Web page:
Greek

Vandals Smash Monumental Fountain in Ancient Greek City of Apollonia – Ancient Origins

Vandals in Albania have destroyed a famous historical monument in ancient Apollonia causing “irreparable” damage. Founded in 588 BC by Greek colonists from Corfu and Corinth on a site where native Illyrian tribes once lived, the ancient nymphaeum (monumental fountain) of ancient Apollonia (Ἀπολλωνία) is a UNESCO World Heritage Site located near the town of Fier, a city and a municipality in southwest Albania.

The nymphaeum was originally a series of natural grottoes consecrated to the mythological nymphs of springs. According to a report in Greek City Times the director of the archaeological site was quoted as saying “the damage is irreparable”, as ancient marble columns were smashed and broken. The destruction of this ancient monument has sparked outrage in the Greek community of Northern Epirus as it was one of the most important of the several classical towns known collectively as Apollonia.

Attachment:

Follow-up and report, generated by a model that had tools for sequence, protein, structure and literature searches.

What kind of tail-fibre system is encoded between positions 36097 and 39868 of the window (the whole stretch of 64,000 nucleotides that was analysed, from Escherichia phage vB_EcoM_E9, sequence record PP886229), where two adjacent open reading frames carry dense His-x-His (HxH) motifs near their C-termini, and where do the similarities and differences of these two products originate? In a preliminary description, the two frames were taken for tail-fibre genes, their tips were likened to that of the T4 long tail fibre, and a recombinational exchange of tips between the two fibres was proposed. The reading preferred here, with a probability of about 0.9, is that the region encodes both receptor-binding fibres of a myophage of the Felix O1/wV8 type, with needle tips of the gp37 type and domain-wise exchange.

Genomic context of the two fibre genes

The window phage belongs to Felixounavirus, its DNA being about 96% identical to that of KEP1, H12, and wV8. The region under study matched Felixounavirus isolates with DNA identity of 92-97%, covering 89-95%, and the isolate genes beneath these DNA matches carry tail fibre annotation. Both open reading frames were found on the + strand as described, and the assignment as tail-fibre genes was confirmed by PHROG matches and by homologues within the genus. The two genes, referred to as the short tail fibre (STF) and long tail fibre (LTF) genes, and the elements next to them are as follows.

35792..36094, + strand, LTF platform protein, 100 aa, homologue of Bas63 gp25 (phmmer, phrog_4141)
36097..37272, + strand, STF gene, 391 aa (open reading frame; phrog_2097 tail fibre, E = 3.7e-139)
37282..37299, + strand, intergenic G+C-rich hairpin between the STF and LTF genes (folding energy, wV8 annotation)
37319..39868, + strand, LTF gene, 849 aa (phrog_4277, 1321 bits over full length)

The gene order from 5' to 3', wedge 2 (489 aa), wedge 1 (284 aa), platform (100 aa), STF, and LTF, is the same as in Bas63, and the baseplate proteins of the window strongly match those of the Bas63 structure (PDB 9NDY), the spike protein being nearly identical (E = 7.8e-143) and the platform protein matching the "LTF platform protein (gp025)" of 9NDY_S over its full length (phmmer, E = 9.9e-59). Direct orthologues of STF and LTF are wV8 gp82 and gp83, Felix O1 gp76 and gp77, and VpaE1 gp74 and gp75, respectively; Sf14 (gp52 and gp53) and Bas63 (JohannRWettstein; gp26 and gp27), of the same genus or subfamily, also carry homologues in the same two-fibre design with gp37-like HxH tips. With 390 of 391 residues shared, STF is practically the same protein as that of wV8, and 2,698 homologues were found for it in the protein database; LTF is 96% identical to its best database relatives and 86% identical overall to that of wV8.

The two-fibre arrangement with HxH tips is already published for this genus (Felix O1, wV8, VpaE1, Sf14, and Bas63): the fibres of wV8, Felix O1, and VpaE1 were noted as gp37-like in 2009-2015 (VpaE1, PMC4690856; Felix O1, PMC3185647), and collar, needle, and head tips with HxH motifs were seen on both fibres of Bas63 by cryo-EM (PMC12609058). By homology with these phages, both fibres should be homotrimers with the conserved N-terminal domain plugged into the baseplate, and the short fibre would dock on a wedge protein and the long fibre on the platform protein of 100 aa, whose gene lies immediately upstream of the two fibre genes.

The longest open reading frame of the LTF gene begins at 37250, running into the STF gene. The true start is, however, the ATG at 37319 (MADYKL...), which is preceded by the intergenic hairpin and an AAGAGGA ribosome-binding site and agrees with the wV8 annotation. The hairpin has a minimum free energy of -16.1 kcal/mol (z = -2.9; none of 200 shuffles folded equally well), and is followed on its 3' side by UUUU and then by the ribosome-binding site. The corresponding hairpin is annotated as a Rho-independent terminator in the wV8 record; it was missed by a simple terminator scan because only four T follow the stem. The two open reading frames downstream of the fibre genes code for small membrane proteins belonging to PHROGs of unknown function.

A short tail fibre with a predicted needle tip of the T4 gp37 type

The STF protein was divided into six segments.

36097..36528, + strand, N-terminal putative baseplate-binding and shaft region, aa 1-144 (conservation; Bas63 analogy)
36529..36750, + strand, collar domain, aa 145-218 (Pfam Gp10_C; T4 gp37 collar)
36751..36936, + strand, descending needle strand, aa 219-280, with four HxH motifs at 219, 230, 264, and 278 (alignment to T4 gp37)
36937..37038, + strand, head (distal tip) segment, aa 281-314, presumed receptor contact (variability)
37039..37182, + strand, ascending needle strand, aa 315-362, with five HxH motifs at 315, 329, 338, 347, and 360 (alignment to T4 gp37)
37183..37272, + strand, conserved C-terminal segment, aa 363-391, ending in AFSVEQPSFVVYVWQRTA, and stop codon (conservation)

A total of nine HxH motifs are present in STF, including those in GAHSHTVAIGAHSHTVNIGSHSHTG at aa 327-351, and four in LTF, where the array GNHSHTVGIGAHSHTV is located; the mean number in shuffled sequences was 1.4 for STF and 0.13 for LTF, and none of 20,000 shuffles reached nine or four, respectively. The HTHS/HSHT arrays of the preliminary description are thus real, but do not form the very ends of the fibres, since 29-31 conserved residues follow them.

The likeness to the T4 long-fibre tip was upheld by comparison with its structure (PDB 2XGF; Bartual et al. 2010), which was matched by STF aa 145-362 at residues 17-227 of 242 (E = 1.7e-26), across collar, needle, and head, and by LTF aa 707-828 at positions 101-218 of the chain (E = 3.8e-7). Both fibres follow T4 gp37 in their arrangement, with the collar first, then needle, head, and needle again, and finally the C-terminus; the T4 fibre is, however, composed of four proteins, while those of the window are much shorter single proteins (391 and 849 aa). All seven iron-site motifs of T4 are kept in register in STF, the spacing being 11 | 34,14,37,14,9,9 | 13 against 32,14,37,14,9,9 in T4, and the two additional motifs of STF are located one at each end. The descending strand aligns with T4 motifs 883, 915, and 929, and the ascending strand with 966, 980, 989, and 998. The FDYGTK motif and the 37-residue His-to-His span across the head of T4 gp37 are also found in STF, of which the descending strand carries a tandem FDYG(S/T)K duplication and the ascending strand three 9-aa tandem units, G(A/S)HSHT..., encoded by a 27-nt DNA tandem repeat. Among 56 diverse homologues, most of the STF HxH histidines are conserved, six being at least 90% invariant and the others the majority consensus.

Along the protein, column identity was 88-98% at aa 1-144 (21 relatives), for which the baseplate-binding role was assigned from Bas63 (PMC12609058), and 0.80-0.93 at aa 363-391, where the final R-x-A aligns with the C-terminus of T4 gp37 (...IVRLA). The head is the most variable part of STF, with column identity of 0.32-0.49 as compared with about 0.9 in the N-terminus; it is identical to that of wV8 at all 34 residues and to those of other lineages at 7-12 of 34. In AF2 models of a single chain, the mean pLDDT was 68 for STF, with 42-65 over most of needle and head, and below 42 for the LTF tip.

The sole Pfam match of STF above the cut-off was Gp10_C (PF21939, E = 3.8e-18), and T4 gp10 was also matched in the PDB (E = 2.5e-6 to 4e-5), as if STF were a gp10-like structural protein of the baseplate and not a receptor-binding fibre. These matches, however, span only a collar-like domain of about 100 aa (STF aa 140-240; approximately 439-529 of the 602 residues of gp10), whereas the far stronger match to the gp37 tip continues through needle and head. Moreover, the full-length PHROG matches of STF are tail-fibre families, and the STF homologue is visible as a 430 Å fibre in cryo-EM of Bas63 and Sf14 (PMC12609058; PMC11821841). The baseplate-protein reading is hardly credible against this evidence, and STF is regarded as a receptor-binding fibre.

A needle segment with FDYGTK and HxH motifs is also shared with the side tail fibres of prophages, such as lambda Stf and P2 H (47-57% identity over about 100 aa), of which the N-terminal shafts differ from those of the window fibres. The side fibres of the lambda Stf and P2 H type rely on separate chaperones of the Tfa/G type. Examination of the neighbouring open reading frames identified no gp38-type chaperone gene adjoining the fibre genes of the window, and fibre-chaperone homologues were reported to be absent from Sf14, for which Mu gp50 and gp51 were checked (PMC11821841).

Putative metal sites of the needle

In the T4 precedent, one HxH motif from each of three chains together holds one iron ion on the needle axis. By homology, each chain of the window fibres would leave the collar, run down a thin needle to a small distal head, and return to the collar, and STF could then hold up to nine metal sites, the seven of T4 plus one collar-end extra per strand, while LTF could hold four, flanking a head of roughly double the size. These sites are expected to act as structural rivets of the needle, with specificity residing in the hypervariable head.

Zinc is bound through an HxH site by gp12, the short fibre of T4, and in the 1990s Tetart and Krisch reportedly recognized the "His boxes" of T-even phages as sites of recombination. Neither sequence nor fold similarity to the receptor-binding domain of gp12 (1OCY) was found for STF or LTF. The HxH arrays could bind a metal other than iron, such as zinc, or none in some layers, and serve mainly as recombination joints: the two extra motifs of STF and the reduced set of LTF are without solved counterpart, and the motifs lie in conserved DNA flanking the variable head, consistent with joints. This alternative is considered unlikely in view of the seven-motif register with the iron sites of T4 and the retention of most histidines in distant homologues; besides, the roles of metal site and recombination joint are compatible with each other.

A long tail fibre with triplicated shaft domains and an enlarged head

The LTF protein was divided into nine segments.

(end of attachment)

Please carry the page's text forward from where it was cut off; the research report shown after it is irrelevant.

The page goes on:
Monument of Agonothetes at the ancient Greek city of Apollonia, Fier County, Albania. (milosk50 / Adobe Stock)

Monument of Agonothetes at the ancient Greek city of Apollonia, Fier County, Albania. ( milosk50 / Adobe Stock)

Vandalism of UNESCO World Heritage Site

Apollonia flourished in the Roman period thanks to its renowned school of philosophy, but it began to decline in the 3rd century AD after its harbor became plugged with silt in the aftermath of an earthquake. It was finally abandoned at the end of late
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